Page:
- I do not see any particular need for a construction of the 026 R 1 (3) of our High Court Rules of 2007. I find that it is reminiscent of the principles set out in the Supreme Court Practice 1999 to which I have recently referred and to which both counsel in their submissions had referred the court. I shall therefore be guided accordingly.
- Two crucial questions come up for my consideration when faced with an application to order a defendant to provide security for costs: Has the defendant respondent set up a counter claim to the action? If Yes, it is found that in fact he has set up a counter claim the next question will be; Is that counter claim one that can be described as "....a matter wholly distinct from the claim"?
- In the instance case the defendant has not filed his defence and counter claim though he has exhibited same thereby giving the applicant and the court a clear indication as to what his intended defence and counter claim would be. Counsel for the applicant has urged the court to treat this embryonic defence and counter claim as being enough for the purposes of O 26 R 1(3) in other words, as being sufficient for the court to treat the defendant as one who has "made a counter claim" and who is in the position of a plaintiff.
- Counsel refers to the assertions found in paragraphs 9-25 of the affidavit in opposition and urges (very persuasively) that they recount not only a defence but a counter claim. This may very well be the case but one should not lose sight of the fact that those paragraphs and the proposed defence and counter claim are at this stage nothing more than an indication of what the defendant intends to do. He could very well materially amend his indications or even wholly abandon sections of the proposed defence and counter claim so as to take himself outside of the description of a defendant who has made a counter claim. Until he actually files the defence and counter claim I am unable to find that he is a defendant who has filed a counter claim.
- Consider in arguendo that the counterclaim as exhibited is as good as filed, I would still have to decide if it is a claim "which arises out of a different matter"."The mere making of a counter claim does not in itself without more put the defendant in the position of a plaintiff (as envisaged by O26 R1 (3)): the question is whether in the particular case the counter claim is a cross action or operates as a defence"
- I have read the affidavits filed in this matter and I find that the matters raised in the affidavit in opposition and in the proposed defence and counter claim offer an explanation of the same issues raised by the plaintiff but from the defendants' point of view. The following crucial questions will have to be answer at the trial and a lot will depend on how these crucial questions are answered; “What caused the container to be returned to the USA after the ship had set sail and brought it to Sierra Leone?" Who caused this? Was it the Plaintiffs fault??"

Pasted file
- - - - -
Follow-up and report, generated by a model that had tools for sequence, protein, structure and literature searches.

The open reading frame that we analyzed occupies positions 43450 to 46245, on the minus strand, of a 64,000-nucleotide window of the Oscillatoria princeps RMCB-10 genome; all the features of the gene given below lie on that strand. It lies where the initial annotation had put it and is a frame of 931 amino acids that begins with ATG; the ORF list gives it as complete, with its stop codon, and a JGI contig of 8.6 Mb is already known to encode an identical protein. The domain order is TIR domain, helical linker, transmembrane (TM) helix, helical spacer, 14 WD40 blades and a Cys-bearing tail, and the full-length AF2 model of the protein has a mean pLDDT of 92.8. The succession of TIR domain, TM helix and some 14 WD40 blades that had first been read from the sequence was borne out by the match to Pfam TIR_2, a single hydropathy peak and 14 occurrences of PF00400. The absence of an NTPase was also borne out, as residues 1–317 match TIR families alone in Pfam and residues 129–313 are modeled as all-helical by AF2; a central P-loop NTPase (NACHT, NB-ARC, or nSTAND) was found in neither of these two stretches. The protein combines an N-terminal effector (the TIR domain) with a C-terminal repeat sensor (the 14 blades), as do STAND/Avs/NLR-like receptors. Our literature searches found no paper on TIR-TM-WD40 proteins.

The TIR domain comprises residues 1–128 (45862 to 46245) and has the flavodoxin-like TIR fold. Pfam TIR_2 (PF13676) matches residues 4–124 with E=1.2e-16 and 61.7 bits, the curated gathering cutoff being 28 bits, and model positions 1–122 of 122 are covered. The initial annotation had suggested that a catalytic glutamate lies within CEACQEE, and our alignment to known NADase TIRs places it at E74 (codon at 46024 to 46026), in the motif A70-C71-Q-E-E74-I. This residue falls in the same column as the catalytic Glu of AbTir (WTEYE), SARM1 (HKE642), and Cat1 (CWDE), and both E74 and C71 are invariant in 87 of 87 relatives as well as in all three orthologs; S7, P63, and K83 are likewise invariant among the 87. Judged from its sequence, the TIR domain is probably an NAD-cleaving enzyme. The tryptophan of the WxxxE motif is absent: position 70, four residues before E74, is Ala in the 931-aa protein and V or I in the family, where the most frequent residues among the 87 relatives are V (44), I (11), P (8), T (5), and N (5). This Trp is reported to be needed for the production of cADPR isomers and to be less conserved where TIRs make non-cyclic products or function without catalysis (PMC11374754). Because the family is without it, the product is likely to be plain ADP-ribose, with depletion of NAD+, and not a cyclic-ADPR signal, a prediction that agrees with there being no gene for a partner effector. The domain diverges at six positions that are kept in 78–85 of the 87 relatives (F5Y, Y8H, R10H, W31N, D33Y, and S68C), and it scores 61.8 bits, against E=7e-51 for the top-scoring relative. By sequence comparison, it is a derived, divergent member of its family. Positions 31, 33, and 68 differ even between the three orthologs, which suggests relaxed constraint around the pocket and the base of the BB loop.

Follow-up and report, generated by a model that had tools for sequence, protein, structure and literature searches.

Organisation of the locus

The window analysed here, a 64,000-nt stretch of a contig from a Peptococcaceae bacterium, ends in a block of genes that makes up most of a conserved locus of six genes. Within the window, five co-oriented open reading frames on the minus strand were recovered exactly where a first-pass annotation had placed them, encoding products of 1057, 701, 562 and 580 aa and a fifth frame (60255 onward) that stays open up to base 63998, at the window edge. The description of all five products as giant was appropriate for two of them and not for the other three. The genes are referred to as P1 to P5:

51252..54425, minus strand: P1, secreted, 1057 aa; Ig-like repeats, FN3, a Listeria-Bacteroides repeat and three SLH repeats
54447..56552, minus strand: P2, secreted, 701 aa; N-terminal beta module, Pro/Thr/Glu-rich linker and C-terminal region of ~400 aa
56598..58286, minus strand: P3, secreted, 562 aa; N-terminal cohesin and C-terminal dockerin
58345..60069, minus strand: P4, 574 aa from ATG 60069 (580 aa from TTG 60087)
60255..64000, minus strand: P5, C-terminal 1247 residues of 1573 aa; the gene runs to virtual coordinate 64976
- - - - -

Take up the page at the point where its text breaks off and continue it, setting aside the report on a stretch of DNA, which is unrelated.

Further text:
- The parties each have their own answer to these questions and as msy be imagined each one pointing a finger at the other. I find that the defence and counter claim are the defendants' answers and explanations to the crucial questions I mentioned. The fact therefore that these explanations also include a counter claim does not automatically mean that a cross action from a different matter is being made. I am satisfied that the proposed defence and counter claim arise out of the facts in this matter and that they can properly be relied on as a set-off.
- The court is mindful however that one of the main items and subject matter of this case; the Honda Civic Vehicle like all machinery has a tendency to depreciate and lose value if not in use or in the receipt of regular care and servicing. The need for this matter to be heard with significant dispatch is therefore not lost on the court.
I therefore make the following orders:
1. The application for security for costs is refused.
2. This case will be expedited and the defendant shall file his defence and counter claim if any no later than 5th June 2016
3. The parties shall file their respective bundles including witness statements, documents, list of issues in dispute, any admissions and the parties shall make discoveries no later than 15th June 2016
4. The parties shall be at liberty to apply for clarifications.
5. A pre-hearing conference shall be held on 20th June 2016
6. No order as to costs considering that the defendant now has leave to file his defence out of time.
Reginald Sydney Fynn J A.............................................................